Apple MacBook A1181 13.3" Laptop (February, 2008) - Customized
Most relevant reviews
- laszl.us2015Sep 6, 2015by
Very loyal machines , so far the best budget priced laptop...
since its a Mac , it speaks for itself , though the white casing attracts dirt , and those annoying topcase cracks even more visible , yet ,the price is worth it , not new ,but used ...
- dongdo2Nov 22, 2015USEDby
Good, cheap mac for basic computing.
- joegen2042Aug 12, 2015by
Exactly as described. Works great for the price
I was very pleasantly surprised by the computers performance. Its in excellent shape despite being previously owned and works quickly. I would defitnely by another computer from this company
- tjtrolly65Jul 12, 2015by
I'm very happy with this computer. I've had a job change, and I've moved since purchasing it, so honestly, tonight is the first night I really have had to play with it! Love it!
- a.greimannMar 27, 2014by
The best Apple notebook ever, even in 2014!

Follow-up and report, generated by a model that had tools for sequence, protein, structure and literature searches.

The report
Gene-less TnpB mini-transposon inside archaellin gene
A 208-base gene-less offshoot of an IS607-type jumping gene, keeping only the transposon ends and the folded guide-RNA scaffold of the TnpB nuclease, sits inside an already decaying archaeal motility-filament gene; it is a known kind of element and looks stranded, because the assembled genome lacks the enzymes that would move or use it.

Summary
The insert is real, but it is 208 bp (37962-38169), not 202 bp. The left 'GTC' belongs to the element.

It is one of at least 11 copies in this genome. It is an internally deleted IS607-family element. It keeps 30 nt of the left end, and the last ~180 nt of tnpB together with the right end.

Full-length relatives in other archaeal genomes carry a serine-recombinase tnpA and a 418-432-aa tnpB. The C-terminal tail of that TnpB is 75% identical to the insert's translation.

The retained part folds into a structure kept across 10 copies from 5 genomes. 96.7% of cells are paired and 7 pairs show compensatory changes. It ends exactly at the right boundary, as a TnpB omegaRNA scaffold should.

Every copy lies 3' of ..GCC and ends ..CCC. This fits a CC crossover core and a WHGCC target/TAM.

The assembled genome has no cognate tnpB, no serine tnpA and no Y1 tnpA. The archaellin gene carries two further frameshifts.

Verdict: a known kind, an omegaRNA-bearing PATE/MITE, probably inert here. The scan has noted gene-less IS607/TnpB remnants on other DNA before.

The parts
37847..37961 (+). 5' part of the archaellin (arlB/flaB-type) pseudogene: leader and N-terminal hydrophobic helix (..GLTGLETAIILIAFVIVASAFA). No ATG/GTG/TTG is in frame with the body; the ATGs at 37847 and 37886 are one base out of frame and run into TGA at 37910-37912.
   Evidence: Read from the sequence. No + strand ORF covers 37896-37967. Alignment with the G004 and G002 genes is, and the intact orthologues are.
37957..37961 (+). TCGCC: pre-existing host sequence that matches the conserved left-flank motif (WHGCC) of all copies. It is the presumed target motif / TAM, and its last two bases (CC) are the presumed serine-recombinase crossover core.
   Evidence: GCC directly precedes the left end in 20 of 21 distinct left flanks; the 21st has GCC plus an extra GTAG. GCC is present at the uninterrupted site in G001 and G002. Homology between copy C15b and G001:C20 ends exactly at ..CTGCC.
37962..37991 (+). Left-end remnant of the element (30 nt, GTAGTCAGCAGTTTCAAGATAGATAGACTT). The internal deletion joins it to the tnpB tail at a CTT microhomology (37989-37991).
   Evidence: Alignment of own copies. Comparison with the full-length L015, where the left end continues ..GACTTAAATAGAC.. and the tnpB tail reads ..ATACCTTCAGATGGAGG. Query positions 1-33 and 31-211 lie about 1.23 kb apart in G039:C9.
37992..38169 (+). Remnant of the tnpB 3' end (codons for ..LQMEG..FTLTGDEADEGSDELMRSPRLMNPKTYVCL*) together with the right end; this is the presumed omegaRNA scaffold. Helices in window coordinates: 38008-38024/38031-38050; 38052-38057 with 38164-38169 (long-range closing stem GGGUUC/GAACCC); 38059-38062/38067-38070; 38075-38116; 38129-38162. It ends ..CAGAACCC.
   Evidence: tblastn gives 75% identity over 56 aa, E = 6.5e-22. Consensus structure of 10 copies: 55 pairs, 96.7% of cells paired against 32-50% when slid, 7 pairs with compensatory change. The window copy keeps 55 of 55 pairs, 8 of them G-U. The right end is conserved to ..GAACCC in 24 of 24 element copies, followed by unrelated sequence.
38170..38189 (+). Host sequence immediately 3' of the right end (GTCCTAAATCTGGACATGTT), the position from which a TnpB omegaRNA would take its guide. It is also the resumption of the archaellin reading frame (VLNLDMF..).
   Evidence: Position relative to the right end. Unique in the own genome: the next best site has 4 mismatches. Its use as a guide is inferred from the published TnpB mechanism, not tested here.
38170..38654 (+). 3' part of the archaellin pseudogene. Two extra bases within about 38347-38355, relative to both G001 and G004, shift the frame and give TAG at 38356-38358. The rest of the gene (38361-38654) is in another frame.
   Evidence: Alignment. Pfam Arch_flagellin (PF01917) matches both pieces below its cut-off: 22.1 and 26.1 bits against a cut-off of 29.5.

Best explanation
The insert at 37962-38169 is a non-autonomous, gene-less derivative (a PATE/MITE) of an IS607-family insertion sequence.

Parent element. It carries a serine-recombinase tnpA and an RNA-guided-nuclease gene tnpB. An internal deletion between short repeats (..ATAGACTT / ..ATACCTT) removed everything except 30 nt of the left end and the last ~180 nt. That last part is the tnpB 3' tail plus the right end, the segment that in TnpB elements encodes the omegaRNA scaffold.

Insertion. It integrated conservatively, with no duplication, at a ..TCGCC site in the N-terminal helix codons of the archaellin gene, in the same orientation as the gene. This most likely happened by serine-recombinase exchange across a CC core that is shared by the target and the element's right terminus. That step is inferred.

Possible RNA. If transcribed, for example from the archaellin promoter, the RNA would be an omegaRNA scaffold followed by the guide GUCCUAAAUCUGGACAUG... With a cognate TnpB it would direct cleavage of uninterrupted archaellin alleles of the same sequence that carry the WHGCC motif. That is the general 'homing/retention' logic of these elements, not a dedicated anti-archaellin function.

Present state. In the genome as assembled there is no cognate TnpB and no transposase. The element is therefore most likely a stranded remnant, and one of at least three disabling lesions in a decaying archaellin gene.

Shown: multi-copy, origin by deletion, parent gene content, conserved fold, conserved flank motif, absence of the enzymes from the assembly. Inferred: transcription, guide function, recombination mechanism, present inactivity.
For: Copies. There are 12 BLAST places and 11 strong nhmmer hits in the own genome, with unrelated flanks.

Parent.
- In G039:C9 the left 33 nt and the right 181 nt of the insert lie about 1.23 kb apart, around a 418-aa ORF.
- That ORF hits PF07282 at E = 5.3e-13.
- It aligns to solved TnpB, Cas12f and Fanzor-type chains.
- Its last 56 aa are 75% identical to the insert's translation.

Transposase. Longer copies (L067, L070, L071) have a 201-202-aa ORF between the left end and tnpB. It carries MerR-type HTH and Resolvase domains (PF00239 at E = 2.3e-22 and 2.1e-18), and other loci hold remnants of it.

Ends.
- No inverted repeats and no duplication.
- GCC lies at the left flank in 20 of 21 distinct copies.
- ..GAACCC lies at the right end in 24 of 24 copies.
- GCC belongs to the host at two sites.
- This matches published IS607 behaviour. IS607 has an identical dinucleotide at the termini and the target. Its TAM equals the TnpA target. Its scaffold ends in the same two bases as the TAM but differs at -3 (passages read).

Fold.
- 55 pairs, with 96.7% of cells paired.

There were the days when PowerPC (such as the G3 & G4) was the Mac architecture, and that meant leaving x86, and either running software like Windows 2000 inside an emulator or otherwise not running it. Then... Apple switched to Intel.<br><br>The 32-bit "Core Duo" computers were wonderful, because Mac notebooks and desktops became compatible with software written for Intel processors, meaning they could even dual-boot with Windows, for the first time since the PowerMac 6100.<br><br>But THIS model Apple notebook is 64-bit and is my favorite for several reasons, and this is why I'd recommend one even in 2014:<br><br>1) These Macs have the Core 2 Duo--that is, they are x86_64 Macs. Unless you're a collector, the older 32-bit Macs have a lot of disadvantages for modern use, and software is advancing (or really, has advanced) beyond 32-bit. Chrome, Firefox, Parallels, VirtualBox, and more run brilliantly on it.<br><br>2) They are easy to take apart and clean. With just a few screws on the sides (and a few hard-to-reach screws in the battery bay), these computers are not like your older iBook and PowerBook models, and are easy to repair and upgrade. While it's NOT unibody, the top shell pops off and it has an island-style keyboard. It supports up to 4 GB of RAM and 1 TB of SATA HD storage. And with a careful dab of Mr. Clean or rubbing alcohol on a cleaning cloth, these are really simple to keep clean.<br><br>3) They still run. MLPostFactor can take these up to 10.8 "Mountain Lion" released in 2012, and since they are 64-bit, it's possible that one day 10.9 might actually make it onto one with a bit of effort. But for a 6-year old Mac at this point, it's impressive! (And these run Debian 7.4 and Fedora Linux really well, without the nVidia GPU incompatibilities that bother other models.)<br><br>4) They're durable. There is a reason that Apple designed these machines out of polycarbonate--and it is because they do not easily deeply scratch, dent in, or otherwise break. While aluminum looks really gorgeous on the newer Mac models (and on the non-Titanium PowerBook G4), aluminum Macs can scratch similar to certain iPods, and dings (even if small) are common. These will develop little scratches everywhere, but if these are kept clean, it's hard to tell where unless light is directly shining on it. And these can take jolts and dents a lot better!<br><br>And, of course, there are disadvantages...<br><br>1) While the palmrests don't turn pink or yellow like in the earlier Core Duo models, they will chip, and I'd recommend putting down one gentle strip of tape to stop this.<br><br>2) The screen is CCFL. It wasn't until late 2008 that LED LCDs started to become standard.<br><br>3) There's no backlit keyboard. Personally, this isn't an issue, because the keys are white and I have great night vision... but otherwise, you may just want to clip a mini book reading LED to the lid at night toward the keys (similar to how the ThinkLight works.)<br><br>4) Don't expect power out of it. To better explain, games, and really intensive tasks, like editing gigapixel photos can't be done on here. Don't expect it. For this, I'd strongly consider getting a new MacBook Pro instead!<br><br>In summary, it's the best MacBook (or really, the best Apple notebook yet) and at the really affordable price, it's a bargain for the student or for a mobile user who can travel with the iBook's Intel successor. And considering these can run OS X 10.8 with MLPostFactor, like with the XP situation, it's going to be hard to retire these for several years.Read full review